A Prayer for Yukon
The news reported tornadoes heading directly for a small town called Yukon. I had a strong urge to pray and I remember Jesus whispering right before: “The prayer of a righteous person is powerful and effective.” (James 5:16) I believed him. I asked, “Father, don’t let the tornado even touch one part of the city, but let it stop before the city and rise up over and drop back down outside of it.” The next day, Lynn came home and said, “I was in Yukon and I saw where the tornado stopped right before the city limits and rose up, and it dropped back down to its original path right outside the city limits directly on the other side. Your prayers are powerful Steven; God listens to you.”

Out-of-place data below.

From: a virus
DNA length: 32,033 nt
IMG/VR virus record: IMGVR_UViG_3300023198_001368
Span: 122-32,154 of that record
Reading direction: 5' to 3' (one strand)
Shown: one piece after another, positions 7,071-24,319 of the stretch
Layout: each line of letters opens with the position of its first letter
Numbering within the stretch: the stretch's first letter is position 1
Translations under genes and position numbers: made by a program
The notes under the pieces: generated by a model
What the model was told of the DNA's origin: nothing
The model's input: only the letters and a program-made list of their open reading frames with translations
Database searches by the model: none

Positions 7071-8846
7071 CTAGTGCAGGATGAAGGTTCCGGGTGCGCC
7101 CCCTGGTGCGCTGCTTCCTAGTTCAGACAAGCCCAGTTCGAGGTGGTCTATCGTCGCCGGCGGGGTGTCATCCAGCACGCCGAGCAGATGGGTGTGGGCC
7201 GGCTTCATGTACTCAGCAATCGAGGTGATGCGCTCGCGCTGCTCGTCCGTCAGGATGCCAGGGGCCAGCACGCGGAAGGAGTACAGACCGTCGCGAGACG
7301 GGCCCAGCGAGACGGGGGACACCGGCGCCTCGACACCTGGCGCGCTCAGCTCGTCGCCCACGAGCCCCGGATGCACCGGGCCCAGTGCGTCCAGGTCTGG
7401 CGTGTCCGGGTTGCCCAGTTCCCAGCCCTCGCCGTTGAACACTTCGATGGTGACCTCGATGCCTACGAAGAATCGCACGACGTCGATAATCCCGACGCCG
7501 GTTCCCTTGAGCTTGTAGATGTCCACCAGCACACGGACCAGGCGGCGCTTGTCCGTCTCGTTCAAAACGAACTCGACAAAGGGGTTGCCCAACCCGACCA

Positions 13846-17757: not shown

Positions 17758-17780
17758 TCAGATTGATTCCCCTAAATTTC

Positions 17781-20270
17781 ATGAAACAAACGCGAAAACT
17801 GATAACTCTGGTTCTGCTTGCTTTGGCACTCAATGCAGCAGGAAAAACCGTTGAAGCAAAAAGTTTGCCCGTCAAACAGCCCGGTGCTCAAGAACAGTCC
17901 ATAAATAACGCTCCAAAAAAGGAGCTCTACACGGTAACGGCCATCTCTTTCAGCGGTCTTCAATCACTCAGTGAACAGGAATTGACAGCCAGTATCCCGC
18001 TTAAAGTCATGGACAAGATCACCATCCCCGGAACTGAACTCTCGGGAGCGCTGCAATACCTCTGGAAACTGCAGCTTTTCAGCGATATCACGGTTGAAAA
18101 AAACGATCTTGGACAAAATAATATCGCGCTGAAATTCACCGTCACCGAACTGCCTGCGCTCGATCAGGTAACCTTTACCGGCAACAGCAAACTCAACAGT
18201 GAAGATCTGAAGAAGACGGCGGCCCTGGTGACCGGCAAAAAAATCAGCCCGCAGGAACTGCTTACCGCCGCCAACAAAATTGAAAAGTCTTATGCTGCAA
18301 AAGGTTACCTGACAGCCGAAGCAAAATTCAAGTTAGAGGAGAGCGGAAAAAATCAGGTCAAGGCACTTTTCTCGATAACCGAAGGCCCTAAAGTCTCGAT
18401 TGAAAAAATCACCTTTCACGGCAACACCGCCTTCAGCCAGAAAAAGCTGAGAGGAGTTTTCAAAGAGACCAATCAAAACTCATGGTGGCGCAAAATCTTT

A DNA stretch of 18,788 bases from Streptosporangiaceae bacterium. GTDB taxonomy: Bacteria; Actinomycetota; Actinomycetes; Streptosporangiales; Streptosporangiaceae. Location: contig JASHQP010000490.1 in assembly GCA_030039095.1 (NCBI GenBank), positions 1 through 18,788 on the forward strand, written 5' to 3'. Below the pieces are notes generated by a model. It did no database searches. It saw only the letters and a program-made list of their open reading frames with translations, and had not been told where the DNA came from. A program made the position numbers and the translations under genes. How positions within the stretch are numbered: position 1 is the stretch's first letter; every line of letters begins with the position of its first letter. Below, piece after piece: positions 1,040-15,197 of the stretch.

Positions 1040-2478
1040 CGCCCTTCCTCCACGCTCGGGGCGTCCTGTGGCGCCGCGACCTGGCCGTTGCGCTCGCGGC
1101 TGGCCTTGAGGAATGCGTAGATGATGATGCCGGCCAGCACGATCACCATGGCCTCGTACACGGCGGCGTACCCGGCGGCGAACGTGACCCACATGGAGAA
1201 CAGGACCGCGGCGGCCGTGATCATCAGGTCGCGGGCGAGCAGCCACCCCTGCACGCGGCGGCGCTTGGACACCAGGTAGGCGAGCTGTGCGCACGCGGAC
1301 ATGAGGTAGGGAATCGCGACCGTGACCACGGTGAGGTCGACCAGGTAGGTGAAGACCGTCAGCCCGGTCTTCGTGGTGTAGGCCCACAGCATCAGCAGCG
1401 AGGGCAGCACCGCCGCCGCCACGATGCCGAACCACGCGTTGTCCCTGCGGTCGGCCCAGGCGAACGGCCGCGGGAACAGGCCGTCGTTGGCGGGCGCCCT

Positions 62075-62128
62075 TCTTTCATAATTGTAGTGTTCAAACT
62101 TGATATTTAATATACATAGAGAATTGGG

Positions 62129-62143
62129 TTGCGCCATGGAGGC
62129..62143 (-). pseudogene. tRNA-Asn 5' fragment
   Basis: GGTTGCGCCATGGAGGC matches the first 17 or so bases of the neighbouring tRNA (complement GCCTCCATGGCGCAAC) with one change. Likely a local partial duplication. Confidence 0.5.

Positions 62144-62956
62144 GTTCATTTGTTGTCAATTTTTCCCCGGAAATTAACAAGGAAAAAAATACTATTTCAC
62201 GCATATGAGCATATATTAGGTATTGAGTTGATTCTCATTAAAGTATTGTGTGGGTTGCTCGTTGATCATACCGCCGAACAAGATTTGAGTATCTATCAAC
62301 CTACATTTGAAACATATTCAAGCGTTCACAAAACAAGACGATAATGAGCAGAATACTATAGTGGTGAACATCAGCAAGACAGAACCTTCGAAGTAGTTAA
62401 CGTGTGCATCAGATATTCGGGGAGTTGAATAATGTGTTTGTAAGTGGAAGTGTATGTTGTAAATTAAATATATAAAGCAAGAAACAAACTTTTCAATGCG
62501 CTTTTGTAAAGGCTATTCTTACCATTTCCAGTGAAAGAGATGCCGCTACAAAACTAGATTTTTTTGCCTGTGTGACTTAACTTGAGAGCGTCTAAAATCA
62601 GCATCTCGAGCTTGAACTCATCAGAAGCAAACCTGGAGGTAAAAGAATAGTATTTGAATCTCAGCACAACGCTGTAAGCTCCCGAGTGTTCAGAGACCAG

I hugged as many people as possible in the time span of one week. Hugs were one part, coupled with prayer, preaching, providing material needs, physical labor – these all tie into what a typical EMS outreach looks like. No hug was more memorable than the one I shared with an older woman named Avis. Driving, I noticed a woman poking around what remained of her house with a stick. Slowing to a stop I asked if she needed a cold drink or hot burrito. “No” she replied. We drove about thirty feet and my heart was hit hard by the Holy Spirit. “Stop, go back, hug her and pray.” I asked Rick to stop the van and shared the urgency in my heart to go and minister to this woman. I got out of the van and grabbed a water and a particle mask and proceeded into the house. I engaged in conversation with her and learned that her name was Avis. She was looking for the lid to her bear cookie jar. I told her Jesus had placed her so heavy on my heart that I had to turn back and give her a hug and pray with her. She became emotional. I then asked her if I could give her a hug and she said yes, so I hugged her and she wept. I told her that I was certain Jesus had me drive two thousand miles to hug and pray with her. She shared prayer concerns with me and I told her, “Jesus just heard you voice all those concerns, now we can pray too.” We held hands in a room with no roof and prayed. Jesus was there. The Holy Spirit then led me to read Psalm 18:1-3 “I love you, Lord, my strength. The Lord is my rock, my fortress and my deliverer; my God is my rock, in whom I take refuge, my shield and the horn of my salvation, my stronghold. I called to the Lord, who is worthy of praise, and I have been saved from my enemies.” I then shared about Job and how God restored him after disaster struck, how Job remained faithful, believing God even in the midst of opposition and tragedy. This encouraged her. I truly believe Avis was the primary reason Jesus sent me to Moore. All the encounters in Moore were blessings, but when Avis looked at me with tears in her eyes and said, “A hug was all I needed,” I recalled what Jesus said to me: “I am sending you to Moore to give hugs.”